I’m a recovering control freak. And I’m proud of it.
Not of the control freak part. Of the recovering part.
Just like alcoholism or any other mental health issue, control freak and perfectionism (oh yeah, I am a recovering perfectionist too) are things that we sometimes want to bury and pretend do not apply to us. No sir. That’s not me. Why? Because it’s too scary to go down deep and explore the source of those feelings and behaviors. On some level, we’re afraid of what we might find.
For me, I had to face a personal truth. I believed that I would not get what I needed unless I was perfect and was in complete control of my environment. Of course, both are a complete illusion, but I was under this self-induced spell. The spell put me in a little reality bubble that was snug, safe and well-defined, and clearly did not include my deep-seated and unacknowledged fear. That bubble also did not include the fact that everyone except me was aware of my control freak demon.
The thoughts that have the most power over us are the ones that we do not acknowledge, so I was subconsciously ruled by this fear. Only when we bring our worst fears to light do they lose their power. In the light of day, those fears assume their proper magnitude. Much like the Wizard of Oz, when we pull back the curtain on our most basic and fearful assumptions can we see them for what they really are: a farce.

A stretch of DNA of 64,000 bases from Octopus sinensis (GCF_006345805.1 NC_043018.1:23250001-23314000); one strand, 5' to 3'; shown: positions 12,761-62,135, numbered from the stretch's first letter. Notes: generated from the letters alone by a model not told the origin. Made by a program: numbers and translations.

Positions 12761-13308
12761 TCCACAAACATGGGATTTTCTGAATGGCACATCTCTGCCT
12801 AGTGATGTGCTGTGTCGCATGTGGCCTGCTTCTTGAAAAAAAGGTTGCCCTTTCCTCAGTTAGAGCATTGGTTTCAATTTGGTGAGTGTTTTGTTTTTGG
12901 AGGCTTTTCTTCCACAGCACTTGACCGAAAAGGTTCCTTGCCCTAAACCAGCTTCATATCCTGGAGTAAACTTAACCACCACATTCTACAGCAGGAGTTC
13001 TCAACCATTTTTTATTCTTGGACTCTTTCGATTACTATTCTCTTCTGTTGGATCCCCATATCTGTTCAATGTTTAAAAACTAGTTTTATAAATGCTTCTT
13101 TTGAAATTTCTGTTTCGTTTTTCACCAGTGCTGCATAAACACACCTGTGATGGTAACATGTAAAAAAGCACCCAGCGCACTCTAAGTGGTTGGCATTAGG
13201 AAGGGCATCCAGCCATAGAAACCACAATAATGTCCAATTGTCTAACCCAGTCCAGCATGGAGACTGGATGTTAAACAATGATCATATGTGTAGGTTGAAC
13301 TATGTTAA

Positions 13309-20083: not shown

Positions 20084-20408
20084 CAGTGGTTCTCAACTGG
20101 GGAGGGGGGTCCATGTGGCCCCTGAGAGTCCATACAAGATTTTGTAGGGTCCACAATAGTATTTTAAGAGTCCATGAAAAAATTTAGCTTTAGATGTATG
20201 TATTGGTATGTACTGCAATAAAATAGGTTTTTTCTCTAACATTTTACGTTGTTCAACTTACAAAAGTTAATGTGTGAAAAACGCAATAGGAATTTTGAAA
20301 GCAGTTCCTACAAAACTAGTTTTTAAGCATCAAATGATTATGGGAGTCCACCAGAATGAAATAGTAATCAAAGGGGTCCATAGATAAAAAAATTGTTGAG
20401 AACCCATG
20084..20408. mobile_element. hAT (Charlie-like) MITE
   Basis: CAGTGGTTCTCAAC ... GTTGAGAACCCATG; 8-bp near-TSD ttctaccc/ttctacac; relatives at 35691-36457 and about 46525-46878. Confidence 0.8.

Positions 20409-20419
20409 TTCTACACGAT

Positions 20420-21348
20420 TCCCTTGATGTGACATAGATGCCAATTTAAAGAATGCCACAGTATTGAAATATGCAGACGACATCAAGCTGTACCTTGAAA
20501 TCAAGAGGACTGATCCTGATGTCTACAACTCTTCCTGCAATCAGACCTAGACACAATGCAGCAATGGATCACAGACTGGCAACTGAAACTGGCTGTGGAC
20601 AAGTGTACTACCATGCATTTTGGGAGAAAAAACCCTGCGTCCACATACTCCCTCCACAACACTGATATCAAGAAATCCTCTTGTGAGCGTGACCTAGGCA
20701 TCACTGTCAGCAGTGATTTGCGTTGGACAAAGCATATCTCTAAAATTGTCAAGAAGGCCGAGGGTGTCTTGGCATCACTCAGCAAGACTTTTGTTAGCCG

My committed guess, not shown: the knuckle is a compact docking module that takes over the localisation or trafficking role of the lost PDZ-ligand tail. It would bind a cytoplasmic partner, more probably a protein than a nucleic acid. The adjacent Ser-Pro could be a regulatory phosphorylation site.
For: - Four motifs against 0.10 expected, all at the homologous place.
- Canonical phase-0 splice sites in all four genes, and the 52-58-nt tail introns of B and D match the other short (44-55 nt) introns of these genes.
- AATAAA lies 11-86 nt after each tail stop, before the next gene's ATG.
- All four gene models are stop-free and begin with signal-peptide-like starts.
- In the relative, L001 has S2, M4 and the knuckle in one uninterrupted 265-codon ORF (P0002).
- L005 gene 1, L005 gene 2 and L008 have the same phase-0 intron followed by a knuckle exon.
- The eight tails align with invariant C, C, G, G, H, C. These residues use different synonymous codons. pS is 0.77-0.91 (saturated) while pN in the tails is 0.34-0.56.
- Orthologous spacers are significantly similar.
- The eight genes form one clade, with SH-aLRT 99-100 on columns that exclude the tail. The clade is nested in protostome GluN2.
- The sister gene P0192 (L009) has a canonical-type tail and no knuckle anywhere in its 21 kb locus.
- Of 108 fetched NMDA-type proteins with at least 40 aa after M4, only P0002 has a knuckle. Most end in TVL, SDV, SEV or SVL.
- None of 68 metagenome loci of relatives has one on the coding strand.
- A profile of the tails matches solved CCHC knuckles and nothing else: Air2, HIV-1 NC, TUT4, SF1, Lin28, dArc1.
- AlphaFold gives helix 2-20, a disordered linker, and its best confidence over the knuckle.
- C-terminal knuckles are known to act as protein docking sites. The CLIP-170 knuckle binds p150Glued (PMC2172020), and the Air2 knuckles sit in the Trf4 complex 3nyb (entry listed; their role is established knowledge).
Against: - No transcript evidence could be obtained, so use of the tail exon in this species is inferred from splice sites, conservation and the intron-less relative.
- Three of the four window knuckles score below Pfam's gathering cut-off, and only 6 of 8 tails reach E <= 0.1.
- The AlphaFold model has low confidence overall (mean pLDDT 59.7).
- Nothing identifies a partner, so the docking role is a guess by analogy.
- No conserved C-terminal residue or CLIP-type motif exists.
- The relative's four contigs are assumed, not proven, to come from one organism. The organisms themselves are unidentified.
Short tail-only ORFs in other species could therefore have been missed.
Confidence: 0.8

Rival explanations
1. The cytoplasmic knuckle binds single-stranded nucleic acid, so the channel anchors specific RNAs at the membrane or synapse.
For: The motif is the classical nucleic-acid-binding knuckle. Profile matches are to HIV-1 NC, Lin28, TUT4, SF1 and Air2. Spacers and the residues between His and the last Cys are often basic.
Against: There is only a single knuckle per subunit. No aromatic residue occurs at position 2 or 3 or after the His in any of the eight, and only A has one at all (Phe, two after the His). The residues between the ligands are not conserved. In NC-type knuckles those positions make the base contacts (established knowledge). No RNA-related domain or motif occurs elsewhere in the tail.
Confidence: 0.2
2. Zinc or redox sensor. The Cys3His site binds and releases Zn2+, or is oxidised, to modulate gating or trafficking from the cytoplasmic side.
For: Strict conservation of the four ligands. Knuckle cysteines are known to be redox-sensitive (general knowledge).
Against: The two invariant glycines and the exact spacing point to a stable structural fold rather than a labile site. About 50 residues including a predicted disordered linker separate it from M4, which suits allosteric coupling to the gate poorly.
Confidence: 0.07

I’m not saying that I always get what I need and I never inappropriately predict when I’ll be let down. I’m simply saying that I do not have to create a self-fulfilling prophecy for myself that continues to feed and reinforce my worst fears. It’s not the end of the world or a personal catastrophe if my worst fears come to be.
I’m also not saying this is an easy journey. After so many decades of practicing an ingrained behavior, I had to re-examine all my usual habits and reactions in light of this grey-colored lens with which I viewed myself and my world. I had to re-engineer my habits and reactions now that my lens was neutral, or even rose-tinted. Still, despite all this self-knowledge and progress, there are days I can’t help but go there.
Recently I did a self-assessment exercise about my personality style. I came up “analyzer” – you know – thoughtful and think before I speak. Part of the exercise is to invite others to comment about you, and one reviewer said I was a “driver”. On good days: goal and task oriented, visionary and high expectations of self and others. On bad days: argumentative, fears losing control and judgmental.
There’s that control freak again.
I don’t view these results as a personal failure. Rather, these results reflect my continuing journey to care for that scared inner me that still allows myself to go there on bad days. In fact, I’m pretty proud of myself in that when I saw the feedback, I laughed. Not because the results were ridiculous, but because I knew they were true. And that I was completely, 100% ok with that. No defensiveness, no anger, no fear. To me, that’s a sort of a milestone, that my better angels are starting to prevail over my inner devil. Age definitely has some advantages.